One of my favorite literary divertissements is Raymond Queneau’s “Exercices de Style”- you know, the book in which 99 page-length chapters tell the same (rather absurd) story , each time in a different style. I’m about to try something not as ambitious but in the same vein, in the sense that I’m going to have to exercise extreme restraint in commenting a concert I recently attended. I can reveal neither the venue, nor the artist’s name and instrument, and not even the programme, lest I risk the occasion being identified.
Why bother to write at all, I’m sure you’ll be wondering! The answer is simply that, as I said somewhere before, I have enormous fun writing bad reviews. So I can’t resist trying my hand at this bizarre form, not without realizing that it is also a supreme show of cowardice!
So there I was sitting in a hall somewhere, waiting to hear someone play a very ambitious program on an instrument. The pieces were repertoire staples by extremely famous composers. The artist was rather obscure and is likely to remain so.
It is always a challenge to play very well-known music. It’s a challenge playing any kind of music, for that matter, but there are some works you can hide behind while somehow fooling your audience. Very modern music is a case in point. Not only because you never know whether a strange harmony is intentional or a mistake, but also because the audience tends to fall asleep before long and isn’t paying attention anyhow. I remember playing Hindemith’s 8 pieces for string quartet and trying hard to keep a straight face while perfectly aware that at least 70 % of the notes were simply not on the page, and those who were were not played when they were supposed to be.
With music from the Baroque, Classical and Romantic periods, it’s not that easy. Most of the audience knows what to expect and when to expect it, having heard the best recordings over and over again. With pieces as famous as, say, Tchaikowsky’s First piano concerto or Mendelssohn’s E minor violin concerto or Mozart‘s C major piano sonata (none of which were on this particular programme!), it becomes totally impossible to get away with anything less than technical perfection and interpretative originality. Besides, our occidental ears are used to tonality and have learned to expect a certain behavior within a piece, and it takes genius to surprise us – that is what makes Haydn, Mozart and Beethoven so extraordinary and so far apart from their contemporaries. The infamous Mozart-Salieri so-called rivalry is the proof of the pudding. And only a genius of an interpreter can do them justice.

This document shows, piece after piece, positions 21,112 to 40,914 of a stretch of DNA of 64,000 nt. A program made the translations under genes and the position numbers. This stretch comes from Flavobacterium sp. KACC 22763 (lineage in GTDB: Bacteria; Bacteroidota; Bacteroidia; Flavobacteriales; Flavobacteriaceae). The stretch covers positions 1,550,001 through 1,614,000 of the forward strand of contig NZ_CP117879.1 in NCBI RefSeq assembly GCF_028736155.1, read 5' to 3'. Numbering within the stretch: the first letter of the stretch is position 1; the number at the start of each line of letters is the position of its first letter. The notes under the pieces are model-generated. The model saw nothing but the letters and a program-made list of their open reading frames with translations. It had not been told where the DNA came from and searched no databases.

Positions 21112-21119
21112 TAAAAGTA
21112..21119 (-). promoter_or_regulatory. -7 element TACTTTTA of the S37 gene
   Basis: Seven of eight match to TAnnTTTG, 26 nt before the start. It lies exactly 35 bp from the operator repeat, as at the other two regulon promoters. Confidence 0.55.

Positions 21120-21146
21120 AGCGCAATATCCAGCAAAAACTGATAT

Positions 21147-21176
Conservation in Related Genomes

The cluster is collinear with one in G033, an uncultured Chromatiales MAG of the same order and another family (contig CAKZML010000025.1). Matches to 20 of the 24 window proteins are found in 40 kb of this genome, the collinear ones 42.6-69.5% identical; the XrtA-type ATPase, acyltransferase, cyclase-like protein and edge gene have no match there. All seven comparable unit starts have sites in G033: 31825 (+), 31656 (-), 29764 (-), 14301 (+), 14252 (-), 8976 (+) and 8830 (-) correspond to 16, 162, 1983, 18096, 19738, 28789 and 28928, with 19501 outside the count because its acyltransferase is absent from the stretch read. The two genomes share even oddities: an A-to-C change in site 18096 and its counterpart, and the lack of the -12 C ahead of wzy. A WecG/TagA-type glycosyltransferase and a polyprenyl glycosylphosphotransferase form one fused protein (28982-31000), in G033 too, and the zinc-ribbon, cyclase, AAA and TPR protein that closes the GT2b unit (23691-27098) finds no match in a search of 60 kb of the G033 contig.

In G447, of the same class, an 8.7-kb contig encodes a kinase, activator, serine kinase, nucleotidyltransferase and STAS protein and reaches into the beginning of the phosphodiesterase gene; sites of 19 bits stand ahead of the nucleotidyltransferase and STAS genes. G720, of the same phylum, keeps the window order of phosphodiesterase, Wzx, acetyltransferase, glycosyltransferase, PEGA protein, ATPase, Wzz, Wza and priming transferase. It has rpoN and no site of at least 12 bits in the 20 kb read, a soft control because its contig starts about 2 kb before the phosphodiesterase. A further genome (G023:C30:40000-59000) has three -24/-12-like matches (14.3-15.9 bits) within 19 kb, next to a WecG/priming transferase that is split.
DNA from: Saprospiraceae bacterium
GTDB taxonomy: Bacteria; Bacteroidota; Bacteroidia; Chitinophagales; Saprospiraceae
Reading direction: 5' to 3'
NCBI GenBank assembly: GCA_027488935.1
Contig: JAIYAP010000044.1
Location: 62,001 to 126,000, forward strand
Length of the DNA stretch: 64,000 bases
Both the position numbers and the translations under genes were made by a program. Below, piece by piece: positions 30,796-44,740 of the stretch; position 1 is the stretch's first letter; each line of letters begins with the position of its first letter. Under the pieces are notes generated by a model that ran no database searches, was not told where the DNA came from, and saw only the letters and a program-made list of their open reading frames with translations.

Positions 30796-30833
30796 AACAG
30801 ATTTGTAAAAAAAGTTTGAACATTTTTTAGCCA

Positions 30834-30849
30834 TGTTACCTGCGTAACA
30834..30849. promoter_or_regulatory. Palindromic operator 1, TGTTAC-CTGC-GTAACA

So, to hear an artist deliver completely botched interpretations of works you know by heart becomes a subtle form of torture. You try to discover some redeeming quality, but, alas!, there is none. You cannot concentrate on the interpretation, as the performance never reaches that stage. The technique is so faulty that you find yourself tensing up and bracing yourself for the next mistake, instead of enjoying the music. Actually, the music is not even there. The lousy technique prevents any attempt at phrasing and pushes the artist (?) to blindly obey the indications on the page – a forte is a scream or a bang, a piano is a whimper and there is nothing in between. And when the piece is written with few dynamic and phrasing markings, as was common for baroque and classical composers, the artist either relies on often badly revised editions, or completely misunderstands the Urtext editions and is totally at sea.
We are thus guided by the unwittingly mediocre (if they realized just how mediocre they are, they most certainly wouldn’t be there) performer into a world of platitudes, obviousnesses and overstatements. This particular artist showed not only a complete lack of understanding of music and style, but also an inexplicable awkwardness with his/her own instrument, not knowing exactly how, when and to what extent to use some of its features, which resulted in an abysmal lack of precision.
Please forgive me for this completely pointless review. I just needed to get over this feeling of frustration and displeasure. The fundamentals of good reporting are often referred to as the 5 Ws – Who, What, Where, When and Why. This time I could only stick to one of them and I do hope I managed to recount Why I Hated What I Heard. Sorry I can’t tell you Who, What, Where and When. Please watch your step next time you go to a concert.